As of early Monday morning, more than 176 million cases of COVID-19 had been reported around the world, according to a tracking site published by Johns Hopkins University in the U.S. The reported global death toll stood at more than 3.8 million.

In the Asia-Pacific region, Japanese Prime Minister Yoshihide Suga said he felt reassured by other Group of Seven leaders showing “firm support” to his determination to host the Tokyo Olympics next month. Suga told reporters while in Britain for the G7 Summit that he explained to other leaders Japan’s commitment to ensure through virus control measures that the Games would be safe and secure.

“I’m feeling reassured by the firm support I received from all the other leaders,” Suga said Sunday before heading back to Tokyo. “I have renewed my determination to make the Tokyo Games a success at any cost.”

People receive doses of a COVID-19 vaccine at the Noevir Stadium Kobe in Kobe, Japan over the weekend. (Issei Kato/Reuters)

In Africa, Kenya has received a $750 million US loan from the World Bank to support its budget and help the East African economy recover from the effects of the pandemic, the multilateral lender said.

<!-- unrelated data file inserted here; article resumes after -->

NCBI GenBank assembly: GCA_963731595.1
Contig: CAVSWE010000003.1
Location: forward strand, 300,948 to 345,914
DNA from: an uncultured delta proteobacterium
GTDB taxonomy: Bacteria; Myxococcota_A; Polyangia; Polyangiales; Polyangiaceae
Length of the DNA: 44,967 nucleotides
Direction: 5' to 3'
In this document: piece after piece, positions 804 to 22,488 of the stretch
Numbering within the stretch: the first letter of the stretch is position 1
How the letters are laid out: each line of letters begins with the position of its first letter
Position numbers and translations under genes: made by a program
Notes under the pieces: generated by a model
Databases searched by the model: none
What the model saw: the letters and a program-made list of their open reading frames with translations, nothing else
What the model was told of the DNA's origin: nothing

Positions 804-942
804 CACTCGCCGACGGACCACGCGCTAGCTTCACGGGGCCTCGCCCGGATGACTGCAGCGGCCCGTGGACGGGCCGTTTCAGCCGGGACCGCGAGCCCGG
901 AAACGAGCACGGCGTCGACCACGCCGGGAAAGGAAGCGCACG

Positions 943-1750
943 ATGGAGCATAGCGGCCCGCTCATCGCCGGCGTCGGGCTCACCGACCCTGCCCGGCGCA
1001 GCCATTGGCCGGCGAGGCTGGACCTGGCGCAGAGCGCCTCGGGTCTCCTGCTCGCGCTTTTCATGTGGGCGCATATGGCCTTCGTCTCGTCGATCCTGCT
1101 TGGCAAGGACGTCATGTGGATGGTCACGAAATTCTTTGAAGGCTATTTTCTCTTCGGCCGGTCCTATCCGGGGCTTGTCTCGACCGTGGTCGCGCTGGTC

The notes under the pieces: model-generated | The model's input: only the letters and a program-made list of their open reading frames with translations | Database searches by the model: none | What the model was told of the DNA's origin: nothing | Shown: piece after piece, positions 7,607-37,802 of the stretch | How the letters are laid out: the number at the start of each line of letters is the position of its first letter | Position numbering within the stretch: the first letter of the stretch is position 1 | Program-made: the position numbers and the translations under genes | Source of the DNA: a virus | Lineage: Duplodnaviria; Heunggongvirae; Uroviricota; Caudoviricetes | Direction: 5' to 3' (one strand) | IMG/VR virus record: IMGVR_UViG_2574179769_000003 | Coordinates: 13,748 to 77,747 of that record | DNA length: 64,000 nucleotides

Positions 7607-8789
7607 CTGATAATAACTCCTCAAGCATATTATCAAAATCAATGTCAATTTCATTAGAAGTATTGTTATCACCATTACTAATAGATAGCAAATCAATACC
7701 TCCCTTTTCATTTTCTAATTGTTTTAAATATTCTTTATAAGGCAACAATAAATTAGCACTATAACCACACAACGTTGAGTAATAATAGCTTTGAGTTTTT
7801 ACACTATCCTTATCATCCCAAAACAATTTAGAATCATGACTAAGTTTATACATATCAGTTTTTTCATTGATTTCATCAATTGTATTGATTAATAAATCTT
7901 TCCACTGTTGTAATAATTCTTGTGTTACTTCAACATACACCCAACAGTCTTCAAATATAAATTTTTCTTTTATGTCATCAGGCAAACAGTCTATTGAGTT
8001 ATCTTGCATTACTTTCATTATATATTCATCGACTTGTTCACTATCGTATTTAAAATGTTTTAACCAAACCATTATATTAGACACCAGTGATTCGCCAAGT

In the Americas, the U.S. Food & Drug Administration said Johnson & Johnson must throw away millions of doses of its vaccine that were manufactured at a problem-plagued Baltimore factory, but also cleared millions for use.

In the Middle East, the United Arab Emirates on Monday reported 1,837 new cases of COVID-19 and four additional deaths, local media reported.

In Europe, Germany’s health ministry said Johnson & Johnson must deliver 6.5 million vaccine doses to Germany in July to make up for a shortfall expected in June.

Moscow will give away cars in a prize draw for residents who get the COVID-19 shot in an effort to speed up the slow rate of vaccinations.

-From Reuters, The Associated Press and CBC News, last updated at 7 a.m. ET